Conceptualizing Border Reconstruction

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Some 86 million migrant workers – about half of all migrants and refugees – are employed in the global economy. Half are women and most are largely excluded from the protections of international labor standards and the benefits of national labor and social laws. These workers are essential to national economies, but their presence requires states to engage in the reconstruction of borders.

Nancy Wonders (2007) suggests that neo-liberalism requires the reconstruction of borders. She argues that this happens in three ways:

  • Physical reconstruction: using law enforcement and the military in an attempt to close geographically defined sovereign borders to those deemed undesirable;
  • Rhetorical reconstruction: state institutions use racist and classist language to create fear and enhance policies of social exclusion; and,
  • Deterritorializing reconstruction: facilitating the flow of capital, information, goods and low-paid labor to facilitate capital accumulation.

Of course a central contradiction of reconstructing borders is the facilitation of transnational crime. Border reconstruction facilitates transnational crimes of global accommodation committed by corporations seeking weaker regulations, lower labor costs and new markets. It also facilitates transnational crimes of global accumulation by transnational corporations and nation-states seeking control over natural resources and licit and illicit sources of investment capital (i.e. money laundering by international banks) (Wonders, 2007).

In late modernity capitalist economies become more frenzied in their desire to produce and reproduce capital. A result of this is that populations become more mobile, less stable and increasingly undefined by sovereign borders. The very nature of capital accumulation creates a contradiction with the notions of state sovereignty and legitimacy (Michalowski, 2007). Nation-states have to simultaneously construct borders to accumulate capital accumulation and to protect state legitimacy. Central to both of these contradictory goals is the creation of a socially excluded, marginalized population that provides both cheap, unregulated labor and a target of xenophobia and socially constructed fear.

Restrictive immigration policies and militarized enforcement patterns serve both objectives. Intense enforcement, militarized border policing and symbolic walls reinforce the concept of legitimacy by playing to xenophobic fears about crimes, and  jobs, etc. But, at the same time these mobile populations are segregated into inexpensive sources of labor and productive sources of illicit transnational capital (i.e. drug and human trafficking). The state achieves some of its goals by a posture of strong enforcement while at the same time achieving its primary goal which is the enhancement of capital accumulation both legal and illegal. Undocumented workers are an exploitable, criminalized class; and money, the most fungible of all commodities flows without restriction.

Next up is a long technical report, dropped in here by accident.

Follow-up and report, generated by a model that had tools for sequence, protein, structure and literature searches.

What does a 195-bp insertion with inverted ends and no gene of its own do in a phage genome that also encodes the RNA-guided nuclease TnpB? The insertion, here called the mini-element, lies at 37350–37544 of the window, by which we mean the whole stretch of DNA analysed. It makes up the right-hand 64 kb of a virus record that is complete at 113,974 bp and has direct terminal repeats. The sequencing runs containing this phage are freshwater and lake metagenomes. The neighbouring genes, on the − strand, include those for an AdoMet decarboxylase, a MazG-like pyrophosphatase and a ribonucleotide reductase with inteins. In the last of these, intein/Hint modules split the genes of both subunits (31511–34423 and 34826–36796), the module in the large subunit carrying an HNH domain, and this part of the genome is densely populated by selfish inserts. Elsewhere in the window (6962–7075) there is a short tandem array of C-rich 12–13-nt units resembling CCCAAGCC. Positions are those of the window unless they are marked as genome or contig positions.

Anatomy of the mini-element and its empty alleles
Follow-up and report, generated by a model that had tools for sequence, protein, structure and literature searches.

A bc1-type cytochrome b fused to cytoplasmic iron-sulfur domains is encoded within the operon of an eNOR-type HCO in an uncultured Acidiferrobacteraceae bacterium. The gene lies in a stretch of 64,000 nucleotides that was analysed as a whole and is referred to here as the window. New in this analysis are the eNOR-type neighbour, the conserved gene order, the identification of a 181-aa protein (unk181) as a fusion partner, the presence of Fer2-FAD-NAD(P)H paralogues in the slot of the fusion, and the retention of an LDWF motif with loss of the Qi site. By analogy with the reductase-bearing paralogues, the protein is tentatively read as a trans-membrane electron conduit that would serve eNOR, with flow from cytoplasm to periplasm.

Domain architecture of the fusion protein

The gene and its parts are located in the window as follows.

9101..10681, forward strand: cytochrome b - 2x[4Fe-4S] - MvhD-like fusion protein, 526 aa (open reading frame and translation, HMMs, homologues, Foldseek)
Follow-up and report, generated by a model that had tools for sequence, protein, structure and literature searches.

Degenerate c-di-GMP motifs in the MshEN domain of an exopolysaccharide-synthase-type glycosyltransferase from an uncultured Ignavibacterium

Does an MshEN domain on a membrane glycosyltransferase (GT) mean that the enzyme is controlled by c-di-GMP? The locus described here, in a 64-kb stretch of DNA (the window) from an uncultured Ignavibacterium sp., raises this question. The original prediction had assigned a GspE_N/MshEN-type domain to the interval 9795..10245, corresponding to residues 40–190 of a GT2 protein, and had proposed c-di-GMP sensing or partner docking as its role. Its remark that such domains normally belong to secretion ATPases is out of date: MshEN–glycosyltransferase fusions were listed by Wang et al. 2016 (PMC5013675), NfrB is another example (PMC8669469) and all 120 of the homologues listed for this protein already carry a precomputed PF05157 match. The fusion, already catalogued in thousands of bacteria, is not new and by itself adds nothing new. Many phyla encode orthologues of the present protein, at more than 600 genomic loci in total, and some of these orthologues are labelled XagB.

Marginalized immigrants are subjected to disciplinary strategies that ensure cross-border flows of labor and a group of vulnerable exploitable workers. Once in the labor force they are subjected to control, surveillance and enforcement protocols that denies them government benefits, restricts their access to, and use of, public space, and subjects them to the threat of arrest which denies them any means to protest low-wages and illegal working conditions (McDowell and Wonders, 2009-2010).

In the end however, the contradictions of capitalist accumulation create more and more crises which the state has great difficulty in managing. The neoliberal state fails in its promise to provide a viable economic future for both undocumented works and its own working class. The state fails to secure its borders and the rhetorical flourishes used to justify border enforcement merely accentuate that failure. And finally the state loses legitimacy. The movement of transnational capital without interference makes a mockery of border sovereignty as does the movement of exploitable labor across those same borders. Border reconstruction results from a basic contradiction of international capitalism and creates many more contradictions in its wake.

Gary Potter, PhD
Professor, School of Justice Studies
Eastern Kentucky University

Sources:

McDowell, M. and N. Wonders. 2009-2010. Keeping Migrants in Their Place: Technologies of Control and Racialized Public Space in Arizona. Social Justice 36, 2.

Michalowski, R. 2007. Border Militarization and Migrant Suffering: A Case of Transnational Social Injury. Social Justice 34, 2.

Wonders, N. 2007. Globalization, Border Reconstruction Projects, and Transnational Crime. Social Justice 34, 2.

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